Our maintenance team trailered the helicopter to the maintenance facility and diagnosed the problem as a failed pitch change link on the tail rotor assembly. Speaking of changes, I went home and changed my underwear, but I was back at it the following day.
- Tail rotor failure in the Grand Canyon - March 20, 2023
YOU MAGNIFICENT PAGAN GOD!!!
Out standing performance. I have wittiness to many non successful tail rotor recovery efforts in Nam. I am happy your effort were successful .
Keeping a cool head in an emergency situation like you did is a good example for all of us.
Thanks Skip. I survived by the Grace of God!!
Man… you handled a significant emergency like a boss!
Thanks Michael. Excellent Army training prepared me for this event but God saved my bacon when my fat was in the fire!
You Da Man! Great Save and excellent article!
Wow, deserves every bit of praise for your God given and hard work-practiced skills. It’s amazing how time slows down when your adrenaline kicks in and the thought processes go into double time.
What was the date of your mishap
Jeff that would have been sometime in 1972 or 1973.
Way to keep your cool and react to your training Joe. In 1983 while spraying a potato field with a Hiller I lost a tail rotor. Wish I would have had the nerve to do what you did. I rolled the throttle off and entered into an auto rotation straight ahead into the field. Everything was looking good as I entered a flair at 30 feet and then leveled the helicopter for a touchdown into the soft field. The problem was when I pulled pitch to cushion my landing the throttle came back to life and swung me sideways at touchdown. The skids dug in as I was traveling left side first upon touchdown, rolling just enough to have the main rotor blades impact the ground. Thank goodness I was slow enough I did not roll over, so we were flying again with that ship a week later with new blades. Lesson learned; I should have kept rolling the throttle to the idle stop all the way to the ground. Being a rotor pilot, I enjoyed your article.
Good head work. Your intimate knowledge of your aircraft gave you tools that would have remained in the box. This is hopefully a training event for new guys.
Great story! How long did you work up at the canyon for?
Only a year.
Training, experience, a cool head, and more all working together so you and the ’47 could live to fly another day. It so easily could have ended differently. My heart rate increased just reading this while visualizing what you did.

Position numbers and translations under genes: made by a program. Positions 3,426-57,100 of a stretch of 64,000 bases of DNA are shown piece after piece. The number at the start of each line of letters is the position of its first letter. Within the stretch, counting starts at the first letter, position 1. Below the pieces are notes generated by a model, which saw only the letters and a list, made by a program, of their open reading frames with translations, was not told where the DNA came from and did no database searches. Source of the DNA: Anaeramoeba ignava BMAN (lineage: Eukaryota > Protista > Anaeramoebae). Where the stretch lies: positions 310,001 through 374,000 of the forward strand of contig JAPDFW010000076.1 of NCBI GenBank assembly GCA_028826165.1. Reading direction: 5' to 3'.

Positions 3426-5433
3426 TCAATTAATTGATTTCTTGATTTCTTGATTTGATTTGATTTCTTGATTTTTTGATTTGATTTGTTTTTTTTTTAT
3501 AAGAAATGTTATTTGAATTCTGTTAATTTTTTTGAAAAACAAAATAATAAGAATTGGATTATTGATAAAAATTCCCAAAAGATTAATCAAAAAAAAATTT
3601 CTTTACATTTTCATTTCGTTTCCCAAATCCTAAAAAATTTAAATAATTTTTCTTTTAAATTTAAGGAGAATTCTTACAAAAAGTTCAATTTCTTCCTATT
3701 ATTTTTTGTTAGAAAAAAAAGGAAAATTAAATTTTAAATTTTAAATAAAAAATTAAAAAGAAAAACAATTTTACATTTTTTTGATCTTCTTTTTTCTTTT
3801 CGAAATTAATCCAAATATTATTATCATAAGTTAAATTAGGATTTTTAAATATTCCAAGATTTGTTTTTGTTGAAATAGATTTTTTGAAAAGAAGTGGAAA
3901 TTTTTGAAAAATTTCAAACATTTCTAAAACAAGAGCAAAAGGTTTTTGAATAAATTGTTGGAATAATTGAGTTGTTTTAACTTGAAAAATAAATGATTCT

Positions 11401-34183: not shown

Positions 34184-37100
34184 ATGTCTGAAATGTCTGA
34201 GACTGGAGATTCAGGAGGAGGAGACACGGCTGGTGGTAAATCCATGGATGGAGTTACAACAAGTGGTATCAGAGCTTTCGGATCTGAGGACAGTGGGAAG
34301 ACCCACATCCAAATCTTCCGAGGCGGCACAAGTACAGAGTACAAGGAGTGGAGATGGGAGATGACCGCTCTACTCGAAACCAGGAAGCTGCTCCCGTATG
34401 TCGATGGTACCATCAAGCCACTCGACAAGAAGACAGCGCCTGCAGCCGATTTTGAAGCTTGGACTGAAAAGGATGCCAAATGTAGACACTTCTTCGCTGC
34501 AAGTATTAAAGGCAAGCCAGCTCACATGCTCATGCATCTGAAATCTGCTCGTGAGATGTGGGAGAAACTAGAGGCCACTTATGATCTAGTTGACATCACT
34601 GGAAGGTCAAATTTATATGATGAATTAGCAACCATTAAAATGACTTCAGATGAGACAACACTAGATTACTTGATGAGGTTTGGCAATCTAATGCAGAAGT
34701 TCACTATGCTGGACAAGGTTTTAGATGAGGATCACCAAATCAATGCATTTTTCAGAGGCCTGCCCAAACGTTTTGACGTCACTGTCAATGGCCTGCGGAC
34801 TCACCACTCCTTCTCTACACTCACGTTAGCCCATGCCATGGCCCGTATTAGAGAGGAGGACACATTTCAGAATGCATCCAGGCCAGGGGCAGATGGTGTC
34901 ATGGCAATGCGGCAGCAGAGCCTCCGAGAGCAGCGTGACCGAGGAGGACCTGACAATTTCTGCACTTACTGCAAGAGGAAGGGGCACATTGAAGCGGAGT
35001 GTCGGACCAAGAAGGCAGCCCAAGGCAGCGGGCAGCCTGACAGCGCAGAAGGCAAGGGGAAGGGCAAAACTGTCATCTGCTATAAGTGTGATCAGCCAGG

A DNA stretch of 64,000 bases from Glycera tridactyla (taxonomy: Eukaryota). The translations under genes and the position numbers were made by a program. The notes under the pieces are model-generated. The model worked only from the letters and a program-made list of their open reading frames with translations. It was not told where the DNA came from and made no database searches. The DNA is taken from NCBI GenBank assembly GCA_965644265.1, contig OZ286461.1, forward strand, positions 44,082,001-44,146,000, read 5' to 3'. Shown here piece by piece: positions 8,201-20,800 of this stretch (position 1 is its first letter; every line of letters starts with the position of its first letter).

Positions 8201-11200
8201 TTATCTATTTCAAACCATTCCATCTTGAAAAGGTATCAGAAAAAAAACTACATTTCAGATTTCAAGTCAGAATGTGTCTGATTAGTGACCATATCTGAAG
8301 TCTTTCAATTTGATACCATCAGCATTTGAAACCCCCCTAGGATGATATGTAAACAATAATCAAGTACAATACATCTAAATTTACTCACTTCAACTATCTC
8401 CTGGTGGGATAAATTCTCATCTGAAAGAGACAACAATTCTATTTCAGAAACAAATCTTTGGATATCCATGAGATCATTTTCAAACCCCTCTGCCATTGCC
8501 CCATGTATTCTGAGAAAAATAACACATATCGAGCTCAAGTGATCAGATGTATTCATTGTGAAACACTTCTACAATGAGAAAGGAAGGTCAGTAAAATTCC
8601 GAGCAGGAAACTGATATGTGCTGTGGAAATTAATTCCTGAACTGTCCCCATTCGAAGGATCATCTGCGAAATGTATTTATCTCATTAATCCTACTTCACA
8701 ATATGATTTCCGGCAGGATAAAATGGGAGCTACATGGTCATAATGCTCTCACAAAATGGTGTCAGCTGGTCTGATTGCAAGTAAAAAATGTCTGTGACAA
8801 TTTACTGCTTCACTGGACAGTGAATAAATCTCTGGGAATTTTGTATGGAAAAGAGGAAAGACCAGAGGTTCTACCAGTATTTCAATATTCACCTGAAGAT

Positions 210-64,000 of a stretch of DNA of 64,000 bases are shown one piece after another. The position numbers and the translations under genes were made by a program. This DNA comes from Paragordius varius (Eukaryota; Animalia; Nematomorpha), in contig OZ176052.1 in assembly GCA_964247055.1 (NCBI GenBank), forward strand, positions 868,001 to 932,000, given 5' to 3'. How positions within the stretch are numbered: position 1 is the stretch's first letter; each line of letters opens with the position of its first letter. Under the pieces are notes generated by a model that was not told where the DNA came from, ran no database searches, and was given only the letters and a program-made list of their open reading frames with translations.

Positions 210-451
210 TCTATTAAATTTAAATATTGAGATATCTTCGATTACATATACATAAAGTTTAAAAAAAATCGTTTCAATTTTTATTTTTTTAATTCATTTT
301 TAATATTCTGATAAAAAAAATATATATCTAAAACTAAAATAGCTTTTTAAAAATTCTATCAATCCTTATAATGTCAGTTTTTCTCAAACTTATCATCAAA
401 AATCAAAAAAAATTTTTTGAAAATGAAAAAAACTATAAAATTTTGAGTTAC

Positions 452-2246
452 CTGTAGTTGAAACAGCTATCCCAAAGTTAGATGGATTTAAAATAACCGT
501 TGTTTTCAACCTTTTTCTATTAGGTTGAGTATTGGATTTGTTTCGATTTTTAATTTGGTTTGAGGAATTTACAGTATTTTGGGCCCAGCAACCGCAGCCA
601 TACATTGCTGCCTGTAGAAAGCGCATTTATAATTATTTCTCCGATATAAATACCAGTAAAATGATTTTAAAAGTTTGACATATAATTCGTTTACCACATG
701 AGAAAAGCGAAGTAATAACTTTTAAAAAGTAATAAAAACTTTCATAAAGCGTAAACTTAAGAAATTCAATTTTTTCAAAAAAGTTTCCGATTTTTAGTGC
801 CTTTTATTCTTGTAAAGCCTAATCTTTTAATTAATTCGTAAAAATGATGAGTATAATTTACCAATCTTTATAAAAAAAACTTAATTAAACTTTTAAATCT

Mother Rucker 69-24
WOW! A great story with a great ending! Increased heart rate while reading it!
What an excellent story. Thank you for sharing! The photo of the iconic Bell 47 brought back memories of me drawing them on my book covers in middle school back in the early 60s. I was so enamored with shows about Aviation, Jet Jackson, Sky King, Whirlybirds, and Mash, (and who could forget Magnum PI! ) for example. Eventually, I earned a private pilots license, single engine land, fixed wing. I’ve been in a few helicopters, including a ride with my wife, my youngest son, and his fiancée, where we flew in a 182 (I think) from the Las Vegas Executive airport to Grand Canyon airport, got into a helicopter, I don’t remember which it was maybe a jet ranger, and we flew to the base of the canyon, got into a boat, and a Native American guide took us on the boat up the river, describing what we were looking at in the cliffs above. Of course then we went back to the helicopter, rode in it up to the top and flew home a different way to Vegas. Another time with my new bride and I on our 2018 honeymoon we’re I n Hawaii, where we took a helicopter tour of Maui that lasted nearly an hour and featured a pilot who had a voice like Arnold Schwarzenegger! “To the chopper!” is what he told us! One of my favorite helicopter rides was with my friend, Richard Ordowich, VE3TQX who took me from Central New Jersey to the helipad in downtown New York City before 9/11. His helicopter was a Robinson R22 and when he called for clearance to land at the helipad, one of the commercial jet help operators said something about the helicopter being funny looking so Richard responded I own mine do you?” Silence ensued!
Thank you for your excellent article. I really enjoyed hearing it. Was that your actual voice on the recording? Good job!
Sorry for the typos. I didn’t see a way to edit my recollections.
So I flew for 18 years at Supai and now we are in our 27 year supporting Havasupai Tribe. It is the easiest and most dangerous place I have flown all in the same day. We have been blessed with safe flying. It is overwhelming and stressfully other companies have had 26 mishaps at LM BAR 4 and HT. We have had two mishaps Mine was a nightmare normally unheard of. A full blown transmission seizure Blades stopped and I was 30 feet off the ground. By the time it was done I started back to earth from 93 feet in a 124 degree right bank No rotation on my side I hit the ground continued to roll over not the blade stopped my head from being crushed. A lot of little blessing that today Put me in a wheelchair but still am alive and hugging the wife the kids the grand kids and dogs
I was flying a UH1H. Thats not correct. I stop flying about 20 sec earlier. We replaced the Huey flew that one ten years but it took my son on a fire outside Payson Az in 2020. So I bought a 212 Eagle Single. dual Hydraulics and not restricted. What a great machine.
Going from flying 1200 a year and more to stopped brakes. to zero has been frustrating. Did you fly with Lee Christenson??? rip!
Love Supai love the canyon love the people love the work.
Stay healthy stay safe. fly with the dirty side down and always land that way